The Wild Columbine

Aquilegia canadensis

Wild Columbine is a native flower of Pennslyvania and grows in a variety of soil and light conditions that range from woodland edges to riverbanks, and gravelly shores and ridges. Columbine is a beautiful, native wildflower which blooms in the spring (April to July). Its drooping flowers are red and yellow, 1 to 2 inches long. Its pollen attracts hummingbirds, butterflies and bees.

Growing to a height of 1-2 feet’, columbine does best in partial shade to filtered sun. As the tiny black seeds ripen, they can be collected by hand over several days from August to October by gently tapping the follicle (old flower) into a container.

Picture © Thomas G. Barnes University of Tennessee Herbarium.


The Future of Open Space

Unfortunately, I was unable to attend The Future of Open Space in Chester County forum in West Chester, PA, yesterday but was pleased to see this article today by Dan Kristie in the Daily Local News. If you were in attendance, we would love to hear your feedback.
WEST CHESTER — The Secretary of the Pennsylvania Department of Conservation and Natural Resources said Chester County has done an excellent job preserving open space and its land-preservation method should be a model to all other counties in the commonwealth.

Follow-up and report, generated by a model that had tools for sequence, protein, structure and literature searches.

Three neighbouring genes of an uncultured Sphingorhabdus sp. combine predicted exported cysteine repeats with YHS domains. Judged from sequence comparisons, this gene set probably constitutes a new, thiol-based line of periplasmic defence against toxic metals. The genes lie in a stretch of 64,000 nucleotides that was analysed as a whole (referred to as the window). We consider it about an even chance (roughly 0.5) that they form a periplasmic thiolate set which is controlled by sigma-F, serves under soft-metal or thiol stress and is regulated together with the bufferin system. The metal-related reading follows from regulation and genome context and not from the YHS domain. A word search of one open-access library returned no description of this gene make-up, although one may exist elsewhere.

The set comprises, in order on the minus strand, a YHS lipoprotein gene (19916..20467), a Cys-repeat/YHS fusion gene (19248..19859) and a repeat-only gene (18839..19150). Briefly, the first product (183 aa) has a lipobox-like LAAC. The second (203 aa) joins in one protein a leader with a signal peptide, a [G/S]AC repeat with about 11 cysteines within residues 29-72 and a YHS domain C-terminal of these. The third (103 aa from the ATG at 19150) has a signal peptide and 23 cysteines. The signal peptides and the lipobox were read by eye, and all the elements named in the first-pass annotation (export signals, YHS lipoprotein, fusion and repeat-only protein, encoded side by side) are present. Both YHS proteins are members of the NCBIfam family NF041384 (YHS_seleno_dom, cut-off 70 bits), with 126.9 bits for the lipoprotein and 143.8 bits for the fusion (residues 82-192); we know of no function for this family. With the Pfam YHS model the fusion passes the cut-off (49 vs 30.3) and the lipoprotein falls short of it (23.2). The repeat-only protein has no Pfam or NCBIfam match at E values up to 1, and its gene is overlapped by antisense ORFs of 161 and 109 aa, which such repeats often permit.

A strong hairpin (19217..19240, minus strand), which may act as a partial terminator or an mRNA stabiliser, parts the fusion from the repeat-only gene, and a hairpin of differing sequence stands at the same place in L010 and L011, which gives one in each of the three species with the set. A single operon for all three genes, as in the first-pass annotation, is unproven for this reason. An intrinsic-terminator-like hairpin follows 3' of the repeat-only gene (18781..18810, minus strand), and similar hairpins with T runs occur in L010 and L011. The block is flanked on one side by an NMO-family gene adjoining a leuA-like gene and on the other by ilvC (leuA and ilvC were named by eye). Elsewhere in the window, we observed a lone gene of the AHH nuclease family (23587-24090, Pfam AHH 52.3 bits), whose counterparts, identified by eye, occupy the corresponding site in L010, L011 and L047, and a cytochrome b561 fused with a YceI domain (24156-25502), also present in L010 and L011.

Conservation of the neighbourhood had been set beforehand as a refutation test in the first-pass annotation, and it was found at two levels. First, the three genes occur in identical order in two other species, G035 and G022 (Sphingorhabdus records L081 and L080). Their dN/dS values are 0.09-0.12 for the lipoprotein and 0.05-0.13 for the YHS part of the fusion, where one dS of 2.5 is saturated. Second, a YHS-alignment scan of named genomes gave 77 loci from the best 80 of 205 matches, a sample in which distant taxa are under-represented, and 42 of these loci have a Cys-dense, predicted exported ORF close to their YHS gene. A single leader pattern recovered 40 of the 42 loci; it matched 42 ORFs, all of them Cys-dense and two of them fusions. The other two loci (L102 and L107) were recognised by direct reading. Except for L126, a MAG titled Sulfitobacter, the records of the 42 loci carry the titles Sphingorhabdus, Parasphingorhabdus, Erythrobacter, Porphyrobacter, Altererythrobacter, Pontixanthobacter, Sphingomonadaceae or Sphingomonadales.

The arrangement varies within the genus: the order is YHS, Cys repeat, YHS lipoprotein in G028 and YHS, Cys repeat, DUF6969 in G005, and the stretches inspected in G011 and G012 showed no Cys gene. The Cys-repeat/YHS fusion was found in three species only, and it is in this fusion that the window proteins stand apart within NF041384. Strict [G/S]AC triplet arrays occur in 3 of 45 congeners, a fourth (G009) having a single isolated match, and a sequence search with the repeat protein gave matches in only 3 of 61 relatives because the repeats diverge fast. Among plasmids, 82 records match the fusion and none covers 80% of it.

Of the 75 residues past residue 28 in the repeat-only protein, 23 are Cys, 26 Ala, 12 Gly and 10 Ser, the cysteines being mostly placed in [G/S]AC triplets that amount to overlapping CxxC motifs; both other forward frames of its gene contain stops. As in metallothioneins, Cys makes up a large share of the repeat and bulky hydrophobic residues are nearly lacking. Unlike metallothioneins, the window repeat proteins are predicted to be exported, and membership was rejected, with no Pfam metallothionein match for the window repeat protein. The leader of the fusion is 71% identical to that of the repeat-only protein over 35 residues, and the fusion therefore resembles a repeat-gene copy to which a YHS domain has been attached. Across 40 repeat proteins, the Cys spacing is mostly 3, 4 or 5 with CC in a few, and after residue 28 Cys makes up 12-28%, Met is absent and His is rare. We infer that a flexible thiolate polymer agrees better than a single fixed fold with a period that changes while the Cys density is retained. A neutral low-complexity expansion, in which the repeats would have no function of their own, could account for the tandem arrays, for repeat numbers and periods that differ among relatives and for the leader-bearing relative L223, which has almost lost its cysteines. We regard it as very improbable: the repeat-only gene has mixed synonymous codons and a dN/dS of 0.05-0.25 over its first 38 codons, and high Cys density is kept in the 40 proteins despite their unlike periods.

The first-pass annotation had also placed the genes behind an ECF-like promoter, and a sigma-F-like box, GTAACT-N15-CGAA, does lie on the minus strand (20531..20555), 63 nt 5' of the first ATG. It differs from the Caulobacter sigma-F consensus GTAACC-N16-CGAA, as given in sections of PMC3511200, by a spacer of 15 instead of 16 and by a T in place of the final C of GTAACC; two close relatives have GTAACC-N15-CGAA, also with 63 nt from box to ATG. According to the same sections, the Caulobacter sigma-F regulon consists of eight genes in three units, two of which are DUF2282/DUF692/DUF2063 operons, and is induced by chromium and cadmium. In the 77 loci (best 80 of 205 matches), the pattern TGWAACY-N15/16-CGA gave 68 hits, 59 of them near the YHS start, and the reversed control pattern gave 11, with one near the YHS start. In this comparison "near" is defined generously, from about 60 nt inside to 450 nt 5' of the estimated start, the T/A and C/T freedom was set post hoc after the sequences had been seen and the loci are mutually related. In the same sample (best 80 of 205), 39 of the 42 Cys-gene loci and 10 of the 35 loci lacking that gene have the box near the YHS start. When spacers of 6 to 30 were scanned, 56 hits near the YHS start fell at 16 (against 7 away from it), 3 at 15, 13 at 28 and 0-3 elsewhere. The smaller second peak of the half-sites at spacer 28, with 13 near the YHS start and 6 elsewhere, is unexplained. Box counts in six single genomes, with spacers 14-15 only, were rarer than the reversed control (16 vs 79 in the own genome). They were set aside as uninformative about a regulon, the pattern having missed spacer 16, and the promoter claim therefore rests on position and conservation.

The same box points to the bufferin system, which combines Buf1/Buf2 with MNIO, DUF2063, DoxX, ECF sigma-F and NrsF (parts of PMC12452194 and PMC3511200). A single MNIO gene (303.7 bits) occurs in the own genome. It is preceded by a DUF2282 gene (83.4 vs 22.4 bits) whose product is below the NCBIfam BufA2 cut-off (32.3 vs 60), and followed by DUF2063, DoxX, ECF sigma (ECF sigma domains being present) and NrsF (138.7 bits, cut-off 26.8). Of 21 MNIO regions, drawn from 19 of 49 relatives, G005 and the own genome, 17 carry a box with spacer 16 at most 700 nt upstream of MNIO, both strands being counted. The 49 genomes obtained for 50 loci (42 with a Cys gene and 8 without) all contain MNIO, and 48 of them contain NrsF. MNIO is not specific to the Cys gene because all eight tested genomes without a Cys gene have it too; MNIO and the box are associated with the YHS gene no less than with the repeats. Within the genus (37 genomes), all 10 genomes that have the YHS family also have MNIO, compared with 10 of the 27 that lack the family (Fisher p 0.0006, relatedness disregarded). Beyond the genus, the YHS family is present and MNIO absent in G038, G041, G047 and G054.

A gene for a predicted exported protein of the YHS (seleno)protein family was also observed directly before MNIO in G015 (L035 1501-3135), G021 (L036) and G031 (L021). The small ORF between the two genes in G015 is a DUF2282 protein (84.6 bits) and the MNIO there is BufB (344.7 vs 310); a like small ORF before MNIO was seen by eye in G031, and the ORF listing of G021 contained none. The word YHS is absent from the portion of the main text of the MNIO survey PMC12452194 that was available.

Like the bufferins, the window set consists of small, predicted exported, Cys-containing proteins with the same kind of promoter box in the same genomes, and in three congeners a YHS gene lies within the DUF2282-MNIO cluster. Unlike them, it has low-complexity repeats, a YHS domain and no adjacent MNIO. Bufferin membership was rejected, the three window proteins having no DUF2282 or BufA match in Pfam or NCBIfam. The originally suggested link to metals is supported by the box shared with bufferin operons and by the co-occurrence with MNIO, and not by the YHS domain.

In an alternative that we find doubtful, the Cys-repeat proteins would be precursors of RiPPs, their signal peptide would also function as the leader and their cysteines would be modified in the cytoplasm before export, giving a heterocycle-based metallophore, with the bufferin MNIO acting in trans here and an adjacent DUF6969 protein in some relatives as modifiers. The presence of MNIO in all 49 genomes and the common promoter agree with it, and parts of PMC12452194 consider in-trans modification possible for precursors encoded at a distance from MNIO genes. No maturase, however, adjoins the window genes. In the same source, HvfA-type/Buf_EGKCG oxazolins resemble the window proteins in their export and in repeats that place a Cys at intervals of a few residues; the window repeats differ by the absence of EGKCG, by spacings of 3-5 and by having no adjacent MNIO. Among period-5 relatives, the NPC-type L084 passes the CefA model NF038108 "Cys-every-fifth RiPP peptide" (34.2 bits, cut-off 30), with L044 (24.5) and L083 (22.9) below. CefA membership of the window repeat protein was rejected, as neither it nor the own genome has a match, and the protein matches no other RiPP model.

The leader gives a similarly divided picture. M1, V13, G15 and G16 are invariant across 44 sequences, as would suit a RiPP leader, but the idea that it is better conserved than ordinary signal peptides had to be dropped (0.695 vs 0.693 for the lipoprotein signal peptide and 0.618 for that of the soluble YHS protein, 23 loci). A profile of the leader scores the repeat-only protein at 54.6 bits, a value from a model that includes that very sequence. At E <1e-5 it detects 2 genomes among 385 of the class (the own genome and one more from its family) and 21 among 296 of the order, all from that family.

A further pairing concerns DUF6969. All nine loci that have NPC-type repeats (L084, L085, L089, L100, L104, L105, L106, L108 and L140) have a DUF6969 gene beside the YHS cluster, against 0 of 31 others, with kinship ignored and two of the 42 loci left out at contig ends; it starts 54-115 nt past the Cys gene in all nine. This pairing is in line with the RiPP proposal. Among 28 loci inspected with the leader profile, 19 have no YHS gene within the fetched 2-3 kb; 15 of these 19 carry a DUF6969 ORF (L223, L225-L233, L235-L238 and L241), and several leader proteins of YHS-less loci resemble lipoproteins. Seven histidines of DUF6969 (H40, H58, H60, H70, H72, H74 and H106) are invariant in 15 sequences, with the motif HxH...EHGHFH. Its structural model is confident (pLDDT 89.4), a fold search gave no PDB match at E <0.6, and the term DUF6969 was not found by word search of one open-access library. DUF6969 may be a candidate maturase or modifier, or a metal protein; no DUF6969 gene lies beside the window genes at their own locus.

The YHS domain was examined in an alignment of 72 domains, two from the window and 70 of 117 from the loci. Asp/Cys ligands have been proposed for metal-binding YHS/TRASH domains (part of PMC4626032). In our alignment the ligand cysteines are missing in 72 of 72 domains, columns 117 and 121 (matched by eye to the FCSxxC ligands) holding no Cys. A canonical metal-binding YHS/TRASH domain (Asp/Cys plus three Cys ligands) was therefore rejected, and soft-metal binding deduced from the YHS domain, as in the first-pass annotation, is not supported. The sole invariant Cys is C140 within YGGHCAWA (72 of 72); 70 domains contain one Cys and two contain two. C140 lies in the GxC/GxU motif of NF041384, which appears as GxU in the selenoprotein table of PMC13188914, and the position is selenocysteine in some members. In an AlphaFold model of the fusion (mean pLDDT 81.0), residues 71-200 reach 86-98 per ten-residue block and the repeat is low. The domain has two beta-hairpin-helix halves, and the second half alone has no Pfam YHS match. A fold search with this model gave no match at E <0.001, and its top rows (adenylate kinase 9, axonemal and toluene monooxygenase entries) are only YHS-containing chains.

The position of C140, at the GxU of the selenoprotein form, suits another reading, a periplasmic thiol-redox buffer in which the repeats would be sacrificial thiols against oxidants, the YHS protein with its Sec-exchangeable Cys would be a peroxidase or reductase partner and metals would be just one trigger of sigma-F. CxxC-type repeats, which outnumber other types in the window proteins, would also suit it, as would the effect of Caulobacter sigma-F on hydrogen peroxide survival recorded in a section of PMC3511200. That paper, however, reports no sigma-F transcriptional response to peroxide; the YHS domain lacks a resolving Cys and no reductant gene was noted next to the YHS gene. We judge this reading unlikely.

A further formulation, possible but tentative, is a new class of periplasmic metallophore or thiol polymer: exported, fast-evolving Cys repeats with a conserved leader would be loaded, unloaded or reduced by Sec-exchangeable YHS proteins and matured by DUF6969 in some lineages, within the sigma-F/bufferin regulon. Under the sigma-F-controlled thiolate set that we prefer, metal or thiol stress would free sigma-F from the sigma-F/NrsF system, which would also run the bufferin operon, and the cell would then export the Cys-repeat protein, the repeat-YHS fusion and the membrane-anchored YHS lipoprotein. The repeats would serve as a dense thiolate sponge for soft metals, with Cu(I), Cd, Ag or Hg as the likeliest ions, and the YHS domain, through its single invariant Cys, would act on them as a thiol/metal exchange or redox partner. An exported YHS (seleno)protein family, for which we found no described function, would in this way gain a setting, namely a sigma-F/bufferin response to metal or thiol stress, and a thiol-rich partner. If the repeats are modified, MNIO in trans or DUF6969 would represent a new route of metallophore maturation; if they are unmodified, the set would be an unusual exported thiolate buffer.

But now is not the time to sit back and enjoy the view, said Michael DiBerardinis. Rather, he said, the land preservation battle will be lost if those interested in saving open space don't develop new strategies.
"If we stay with our traditional tools, it won't be enough," he said. "The world of conservation is changing before us."
Standing before a crowd of more than 100 at a Saturday afternoon seminar on the future of Chester County's open space, DiBerardinis said that activists should begin to emphasize what connects open space preservation to the economy and the social life of a community.
"We need to struggle for those alignments," he said. "That's the future." For example, he said, activists should point to the presence of trees on an urban street that raise the value of properties on that street and that properties in areas that have healthy streams and parks are worth more than properties in areas without these features.